Upon reaching their employer in Varanasi, Madam Anusha, Gaurav and Neel are told that they’ve got to take the top-secret package to Amritsar. And since the police will be hunting them by night, they’ve got to travel by day, thereby risking the deadly heat of the Sun. Anusha explains all the necessary precautions they can take, while highlighting the fact that they need to follow all the rules of traveling in the morning, or else they’ll end up like their additional package, the scientist Mr. Harbaksh. Despite his physical and mental issues due to extended exposure to the Sun, Harbaksh does manage to reveal the fact that the top-secret package contains seeds. No, not the fake stuff that’s being sold on the streets or the synthesized things that they’re making biryani out of. It’s the real thing that was stored in Norway. Gaurav theorizes that Harbaksh is tasked with cloning the original seeds, which are being kept from the public because of their uniqueness, for the farmers. Gaurav says that the whole exercise is pointless, though, because if it doesn’t rain, the seeds won’t bear any fruit. As they start moving again, kids from the neighborhood start pelting fruits at the car. The heatwave starts, causing one of the kids to faint. Neel goes to save him by pushing him into his heat proof sleeping bag and passes out soon after. So, Gaurav ditches the main mission and takes all of them to the nearby village to treat them.
‘Extrapolations’ Episode 5 Ending Explained – What Happened To The “Magic” Seeds?
As soon as Gaurav realizes that Neel is Muslim, he feels guilty for spewing all that Islamophobic nonsense earlier. Gaurav’s bigotry is further questioned as the village he enters is a Muslim-majority area, and the only people he must rely on are Muslims. The doctor tells him to go get ice, if he can, from the neighboring village because they need to lower Neel’s body heat or else he’ll succumb to hyperthermia. When Gaurav goes out, the Alpha assassin (Keri Russell’s Hindi is pretty good) drops out of nowhere to get the seeds. Since Gaurav isn’t that good at fighting or negotiating, he seemingly agrees to give them up to the assassin. But Neel isn’t like Gaurav, and he goes down fighting. The Muslim woman, whose son Neel had saved, stabs the assassin and kills her. Gaurav tries to shoot down the drone that’s tracking them, but even that’s executed by the kid, that too with a slingshot. After grieving Neel’s death, Gaurav completes the task by delivering Harbaksh to Amritsar. While returning to Zira, he confronts an Islamophobic man, thereby exhibiting change. Upon reaching the village, he gives the seeds to the kid he and Neel had saved as the rain starts to pour for the first time in a long time.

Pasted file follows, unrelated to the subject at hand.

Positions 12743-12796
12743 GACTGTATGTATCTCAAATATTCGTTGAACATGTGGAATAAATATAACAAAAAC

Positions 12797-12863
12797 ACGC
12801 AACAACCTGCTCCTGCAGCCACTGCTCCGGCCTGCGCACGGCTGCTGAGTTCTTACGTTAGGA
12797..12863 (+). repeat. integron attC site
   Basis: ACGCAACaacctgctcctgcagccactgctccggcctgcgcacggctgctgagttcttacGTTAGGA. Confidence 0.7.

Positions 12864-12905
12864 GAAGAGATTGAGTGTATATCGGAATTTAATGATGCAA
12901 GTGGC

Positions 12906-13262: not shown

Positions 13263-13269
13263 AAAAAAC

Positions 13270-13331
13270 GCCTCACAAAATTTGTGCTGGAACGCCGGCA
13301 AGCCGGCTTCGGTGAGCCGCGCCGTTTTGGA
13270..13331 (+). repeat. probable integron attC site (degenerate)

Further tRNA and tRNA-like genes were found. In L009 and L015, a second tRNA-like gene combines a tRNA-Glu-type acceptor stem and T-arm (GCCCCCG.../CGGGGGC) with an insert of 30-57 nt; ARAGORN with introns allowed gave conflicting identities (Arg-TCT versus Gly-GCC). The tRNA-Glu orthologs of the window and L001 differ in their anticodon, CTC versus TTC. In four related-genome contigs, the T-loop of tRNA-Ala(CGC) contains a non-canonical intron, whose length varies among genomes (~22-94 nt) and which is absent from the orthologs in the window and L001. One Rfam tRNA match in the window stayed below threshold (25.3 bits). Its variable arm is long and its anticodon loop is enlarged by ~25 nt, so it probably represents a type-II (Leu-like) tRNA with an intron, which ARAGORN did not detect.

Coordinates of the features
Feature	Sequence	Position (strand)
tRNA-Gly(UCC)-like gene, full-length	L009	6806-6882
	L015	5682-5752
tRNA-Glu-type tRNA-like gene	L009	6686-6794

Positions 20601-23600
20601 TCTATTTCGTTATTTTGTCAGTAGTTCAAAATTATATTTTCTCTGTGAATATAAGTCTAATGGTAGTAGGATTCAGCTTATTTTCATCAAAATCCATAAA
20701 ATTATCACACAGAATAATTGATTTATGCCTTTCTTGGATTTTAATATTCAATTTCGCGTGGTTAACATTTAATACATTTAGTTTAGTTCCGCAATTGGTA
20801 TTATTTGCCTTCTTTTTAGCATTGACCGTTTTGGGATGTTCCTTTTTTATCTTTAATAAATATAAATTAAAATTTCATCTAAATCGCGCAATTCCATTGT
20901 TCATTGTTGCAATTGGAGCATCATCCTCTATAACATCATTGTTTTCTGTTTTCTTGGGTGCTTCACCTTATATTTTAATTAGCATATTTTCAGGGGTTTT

Although the fifth episode of “Extrapolations” is about getting a package of seeds that represents the remnants of the old world that have been hoarded by the capitalists and are being repurposed by the revolutionaries, it’s actually about unlearning one’s bigotry. Gaurav’s character is emblematic of many people who think that the only way to digest the atrocities that they’ve faced is by finding someone who has been historically oppressed and directing all their hatred at them. That’s not going to solve anything. But, in their heads, they are doing something righteous because they think that minorities are responsible for every bad thing that has happened in the world. Addressing the fact that the majority has sold their souls to politicians and money-hungry corporations is a bitter and tough pill to swallow. That’s why Gaurav doesn’t do that. He has suffered like many others have, and there’s no doubt about that. However, that doesn’t give him a free pass to hate those who simply follow a different religion than him. He learns this the hard way as he sees his colleague do the same thing that he has done, but with a sense of optimism and the will to help those who are in need of it. That said, has Gaurav learned his lesson in time?
Given how Gaurav stands up to a man saying bigoted things and returns to Zira, it shows that he has changed. He has realized that, while religion is here to stay, there’s no point in discriminating, especially during these trying times. That doesn’t mean one should discriminate when things are relatively okay. No matter how good or bad the condition of the planet is, one shouldn’t discriminate. We should treat each other as human beings, be respectful of each other’s beliefs, and push back against those who are using their religious beliefs to hurt others. That’s not a tall order at all. Now, initially, it seems that the rain that hits India is a literal and metaphorical cleansing of Gaurav and the country’s souls, which have been stained by unnecessary hatred. However, as the newsreader keeps talking about the rain, it becomes apparent that it’s not actually a boon but a bane. The rain isn’t there to wash away anything. Instead, it’s there to punish the folks in the form of a flash flood for meddling with nature or merely standing on the sidelines and watching those who are playing God.